ELLSWORTH — A Bar Harbor man is claiming an attorney representing the town made defamatory and libelous statements about him in an email to Bar Harbor Town Manager Cornell Knight.
Arthur Greif filed the lawsuit in Hancock County Superior Court on Feb. 16, naming the law firm Bernstein Shur as the defendant. Greif, himself an attorney, wrote in his complaint that attorney Robert Crawford made the remarks in response to a February 2015 letter Greif sent to Town Councilor Gary Friedmann expressing his concerns about proposed amendments to the town’s land use ordinance. In that letter, Greif stated he was writing “as a citizen and a lawyer.”
Crawford responded to Greif and sent a copy to Knight. In that letter, Crawford wrote to request Greif “stop communicating verbally or in writing directly with town officials” regarding the land use ordinance and how it relates to a proposed Emera electric substation in Bar Harbor. Greif, at the time, was representing several residents in a lawsuit against the town intended to stop construction.
Crawford goes on to state that Greif’s communications with town officials in the matter violate Maine Rules of Professional Conduct and ethics opinions of the Maine Board of Overseers of the Bar.
Greif denied that he violated these rules and, in response, wrote to Crawford, stating, “You have libeled me in my hometown concerning my profession of 37-plus years. Greif claimed that, as a Bar Harbor resident, he has a constitutional right to communicate with town officials. He called for Crawford to write Knight and admit he was mistaken.
In response, Crawford noted that he believes Greif’s communications with Friedmann relate directly to the Emera substation and the proposed land use ordinance amendments. This “relationship is more than tangential, and I also believe that even a tangential relationship is sufficient to constitute a violation.” Crawford maintained that “we do not believe [a retraction] is warranted.”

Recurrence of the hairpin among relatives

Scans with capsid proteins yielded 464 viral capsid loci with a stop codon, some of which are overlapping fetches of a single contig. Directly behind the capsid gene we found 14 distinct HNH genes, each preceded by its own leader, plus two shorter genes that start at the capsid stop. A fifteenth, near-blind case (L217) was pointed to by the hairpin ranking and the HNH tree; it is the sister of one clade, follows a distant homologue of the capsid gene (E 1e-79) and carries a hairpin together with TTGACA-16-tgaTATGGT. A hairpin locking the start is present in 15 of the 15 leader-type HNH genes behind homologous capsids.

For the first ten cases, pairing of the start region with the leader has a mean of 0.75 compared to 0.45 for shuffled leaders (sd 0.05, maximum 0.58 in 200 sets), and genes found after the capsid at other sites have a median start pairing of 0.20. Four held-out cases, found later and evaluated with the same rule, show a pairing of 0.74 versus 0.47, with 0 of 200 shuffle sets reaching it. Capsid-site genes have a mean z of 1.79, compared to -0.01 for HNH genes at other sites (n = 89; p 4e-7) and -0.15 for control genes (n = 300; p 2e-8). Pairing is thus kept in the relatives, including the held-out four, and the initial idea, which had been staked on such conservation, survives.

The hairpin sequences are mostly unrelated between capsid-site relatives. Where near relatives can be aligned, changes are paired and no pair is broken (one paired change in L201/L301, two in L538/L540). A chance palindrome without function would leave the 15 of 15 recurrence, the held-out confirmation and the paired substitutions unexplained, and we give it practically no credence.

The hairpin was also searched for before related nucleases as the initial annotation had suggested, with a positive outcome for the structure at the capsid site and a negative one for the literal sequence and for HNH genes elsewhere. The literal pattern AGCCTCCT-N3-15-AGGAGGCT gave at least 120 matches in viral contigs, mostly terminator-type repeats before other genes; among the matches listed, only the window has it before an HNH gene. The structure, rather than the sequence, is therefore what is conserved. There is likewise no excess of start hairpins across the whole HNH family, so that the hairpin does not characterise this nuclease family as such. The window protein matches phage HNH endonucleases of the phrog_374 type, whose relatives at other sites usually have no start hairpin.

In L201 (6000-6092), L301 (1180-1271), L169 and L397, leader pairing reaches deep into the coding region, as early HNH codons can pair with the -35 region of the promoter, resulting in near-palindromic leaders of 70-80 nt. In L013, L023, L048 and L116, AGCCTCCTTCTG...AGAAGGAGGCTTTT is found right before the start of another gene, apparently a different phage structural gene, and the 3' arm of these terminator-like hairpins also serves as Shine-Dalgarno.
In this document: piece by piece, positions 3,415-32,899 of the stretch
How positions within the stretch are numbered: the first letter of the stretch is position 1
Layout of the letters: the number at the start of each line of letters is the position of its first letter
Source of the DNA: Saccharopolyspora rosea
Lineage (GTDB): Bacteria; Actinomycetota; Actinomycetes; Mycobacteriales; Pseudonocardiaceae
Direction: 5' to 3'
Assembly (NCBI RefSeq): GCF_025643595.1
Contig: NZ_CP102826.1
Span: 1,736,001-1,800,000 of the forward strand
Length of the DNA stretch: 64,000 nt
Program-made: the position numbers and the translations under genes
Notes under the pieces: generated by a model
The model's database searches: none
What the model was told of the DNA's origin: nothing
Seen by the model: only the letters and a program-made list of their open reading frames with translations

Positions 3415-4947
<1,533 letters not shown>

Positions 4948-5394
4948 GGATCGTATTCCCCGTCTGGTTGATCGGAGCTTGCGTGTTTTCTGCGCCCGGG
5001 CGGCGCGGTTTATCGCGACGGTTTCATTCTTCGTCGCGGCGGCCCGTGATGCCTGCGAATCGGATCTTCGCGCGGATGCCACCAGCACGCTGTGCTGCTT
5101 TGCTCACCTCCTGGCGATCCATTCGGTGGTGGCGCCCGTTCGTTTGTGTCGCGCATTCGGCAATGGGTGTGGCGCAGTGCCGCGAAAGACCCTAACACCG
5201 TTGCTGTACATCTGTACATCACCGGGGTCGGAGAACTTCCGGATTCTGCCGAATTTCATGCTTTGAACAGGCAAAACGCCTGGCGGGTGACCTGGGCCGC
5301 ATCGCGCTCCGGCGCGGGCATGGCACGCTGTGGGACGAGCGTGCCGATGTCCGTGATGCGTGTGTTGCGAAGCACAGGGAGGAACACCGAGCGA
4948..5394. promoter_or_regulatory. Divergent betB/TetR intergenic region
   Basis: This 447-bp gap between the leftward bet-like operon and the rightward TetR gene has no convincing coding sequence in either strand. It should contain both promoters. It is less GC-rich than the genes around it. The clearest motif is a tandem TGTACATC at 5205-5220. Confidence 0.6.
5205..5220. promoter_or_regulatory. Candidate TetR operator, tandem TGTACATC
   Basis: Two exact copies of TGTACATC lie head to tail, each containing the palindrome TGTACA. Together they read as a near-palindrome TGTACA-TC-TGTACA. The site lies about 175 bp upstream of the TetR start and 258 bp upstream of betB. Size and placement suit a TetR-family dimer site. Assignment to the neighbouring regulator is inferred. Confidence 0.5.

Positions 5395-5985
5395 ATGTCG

In his complaint, Greif, who filed his claim three days before the expiration of the statue of limitations, wrote that Crawford restated his defamatory and libelous statements in his second response despite Greif’s claim of constitutional protection. This, Greif stated, “was done with malice and intentional disregard of the law” and suggests to the court that punitive damages should be levied.
Bernstein Shur has retained John Whitman of Richardson, Whitman, Large and Badger to represent the firm, according to Paul McDonald, Bernstein Shur’s litigation practice group leader. A response to Greif’s complaint is to be filed on Friday.
“We will present a strong defense to the claims made against us based on the law and the facts of the case and we fully expect to be vindicated by the court,” McDonald said.